The life of Diego D'Aguilar offers enough material for study not only to historians but folklorists as well, since it inspired a number of fantastic stories and legends, of which we present only a few. Most of them are not based on historical facts and their chronology also leaves a lot to be desired. They date from the 18th century when many Jews decided to reembrace the faith of their forefathers, which they had to abandon after the expulsion from Spain and through forced conversions into Christianity. Baron D'Aguilar's background remains a mystery to this day. Spain, Portugal, and Italy are mentioned as the likely countries of his origin, then a childhood spend in a home for the so-called New Christians, known under a derogatory name of the "maran" (pigs); the inquisition, of which he was both victim and member, his flight from Spain to Holland, or maybe from Portugal to England... According to one version, Diego was the secretary of the Emperor Carlos VI of Spain. At the age of 3...0, he found out about his Jewish background from his father. After his father died, he left for Holland with his mother, wife and son. Both he and his son were later circumcised in Amsterdam. Some sources suggest that Moses Lopez Pereira was born in the town of Ferrara, in Italy, or Ferreira, in Portugal. Be it as it may, the most likely version is that he was born in 1700 in Madrid, in a family of Galician descent, originally from a place called Pereira D'Aguilar. The most broadly accepted version of the legend of Diego portrays him as a member of the inquisition. This was used as a basis for some fictional stories, all of which were spiced with new details depending on the author's imagination. The tale is set in Spain during the inquisition when an inquisitor (a bishop, according to some authors) sentenced a young neo-Christian girl to death by burning at a stake for having secretly practiced Jewish rituals. At midnight, before the execution, the girl's mother, devastated by desperation, decided to force her way into the inquisitor's rooms and beg for mercy. The inquisitor, notorious for his sternness and cruelty, refused to even consider pardoning the girl. Then the woman revealed a terrible secret to him: he was a Jewish child, taken away from his parents and raised in a monastery; the girl that he had sentenced to death was his sister, and the woman begging him for mercy was his mother, while his father had already been burned at a stake. This story too has several versions: according to one, the inquisitor explains to the mother that his decision is irreversible, but flees with her across the border that same night. According to another version (and there are others), they are joined by his sister. Diego's work should be assessed in light of the fact that he had labored for the benefit of his brothers during the reign of Maria Theresa, the Austrian empress and the queen of Hungary and Bohemia, an absolute ruler who introduced a strongly centralized government, Germanization and forced conversions to Catholicism. She imposed a very high "tax on tolerance", a levy known among the Jews as Malkageld, the queen's money. Throughout her 40-year reign, she had pathological hate for Jews and persecuted them cruelly. D'Aguilar used his reputation and high position in the social hierarchy of Vienna and the Habsburg court to defend the rights of his deprived and persecuted brothers. He felt that it was his duty to lead and defend his people. It is safe to say that he was their main benefactor (nadvan) and a very active representative (stadlan). He used his considerable influence too, at the right time and in the right place, defend the cause of his people, sometimes at his own expense. He went wherever he was needed, maintained correspondence with statesmen and, relying on his good instinct, achieved considerably more than the entire communities and spiritual leaders of his time. It is a remarkable phenomenon that people in both personal and other kinds of trouble, knew who to turn to for help: the philanthropic Moses Lopez Pereira, Baron Diego D'Aguilar. The news about his good deeds traveled fast, and Diego received many Jews from all over Europe, including Belgrade, but also from Israel and even Persia. He never denied them help - financial as well as other - in the form of advice, connections and analytical skills. We have mentioned just a segment of D'Aguilar's activities when he personally intervened and paid with his own money to help his less fortunate brothers. His activities went beyond big and important tasks. His spacious and luxurious Vienna home was always open to all. The Jews from all over the globe came to him with all kinds of requests for assistance in situations that they could not have handled on their own. D'Aguilar was very wise, experienced, and approached each new problem as a fresh challenge. Undoubtedly, all of his interventions were successful. There are many documents to collaborate with this, some of them presented in this paper. The rest of what is known about D'Aguilar still remains to be published, as well as the details about the work of his 14 children and their successors, some of them converts to Christianity, who distinguished themselves in many fields in Britain and elsewhere as scientists, parliamentarians, soldiers, artists, etc.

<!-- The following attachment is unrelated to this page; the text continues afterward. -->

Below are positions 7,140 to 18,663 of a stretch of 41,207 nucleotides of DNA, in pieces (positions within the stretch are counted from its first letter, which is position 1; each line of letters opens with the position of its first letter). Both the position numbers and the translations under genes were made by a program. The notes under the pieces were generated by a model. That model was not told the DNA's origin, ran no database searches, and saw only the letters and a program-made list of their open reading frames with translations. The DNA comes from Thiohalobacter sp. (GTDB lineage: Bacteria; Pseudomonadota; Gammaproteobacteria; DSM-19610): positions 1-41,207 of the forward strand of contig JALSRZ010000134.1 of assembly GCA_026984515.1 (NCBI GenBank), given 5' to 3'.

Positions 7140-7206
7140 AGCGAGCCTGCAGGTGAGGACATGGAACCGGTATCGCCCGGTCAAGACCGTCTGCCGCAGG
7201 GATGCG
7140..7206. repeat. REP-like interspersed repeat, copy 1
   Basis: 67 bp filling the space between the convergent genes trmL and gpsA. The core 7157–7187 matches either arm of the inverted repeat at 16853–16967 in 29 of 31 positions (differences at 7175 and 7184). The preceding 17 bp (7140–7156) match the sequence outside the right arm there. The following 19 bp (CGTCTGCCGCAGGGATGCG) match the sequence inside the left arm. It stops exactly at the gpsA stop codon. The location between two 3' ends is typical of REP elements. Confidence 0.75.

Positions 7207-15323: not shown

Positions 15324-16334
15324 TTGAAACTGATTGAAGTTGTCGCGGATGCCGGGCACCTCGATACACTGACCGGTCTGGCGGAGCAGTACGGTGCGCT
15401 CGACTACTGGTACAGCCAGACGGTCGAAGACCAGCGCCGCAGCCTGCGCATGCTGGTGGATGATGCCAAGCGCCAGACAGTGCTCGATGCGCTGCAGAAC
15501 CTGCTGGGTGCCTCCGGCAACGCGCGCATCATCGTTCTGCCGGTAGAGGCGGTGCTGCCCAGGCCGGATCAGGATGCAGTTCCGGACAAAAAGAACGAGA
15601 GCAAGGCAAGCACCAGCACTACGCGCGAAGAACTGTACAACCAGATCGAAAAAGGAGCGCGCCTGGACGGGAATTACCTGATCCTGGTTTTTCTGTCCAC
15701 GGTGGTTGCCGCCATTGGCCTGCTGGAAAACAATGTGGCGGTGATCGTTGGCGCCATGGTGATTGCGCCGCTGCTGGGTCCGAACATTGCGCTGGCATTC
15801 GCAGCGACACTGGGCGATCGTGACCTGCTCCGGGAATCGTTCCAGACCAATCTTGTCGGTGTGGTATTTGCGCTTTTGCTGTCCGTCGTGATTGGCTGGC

Keywords:Mozes Lopez Pereira (oko 1700-1759), baron, dobročinitelj / Diego d'Aguilar, baron / porez na toleranciju prema Jevrejima / tax on tolerance / antisemitizam / antisemitism / Melka-geld (Kraljičin novac) / Melka-geld (the Queen's money)
Source:Zbornik 8 : Studije, arhivska i memoarska građa, Jevrejski istorijski muzej - Beograd = Jewish studies 8 : Studies, archival and memorial materials, Jewish historical museum - Belgrade, 2003, 8, 337-370
- Beograd : Savez jevrejskih opština Jugoslavije [Federation of Jewish Communitues in Jugoslavia]
- Ovaj rad je dobio drugu nagradu 2000. godine na 44. nagradnom konkursu Saveza jevrejskih opština Jugoslavije.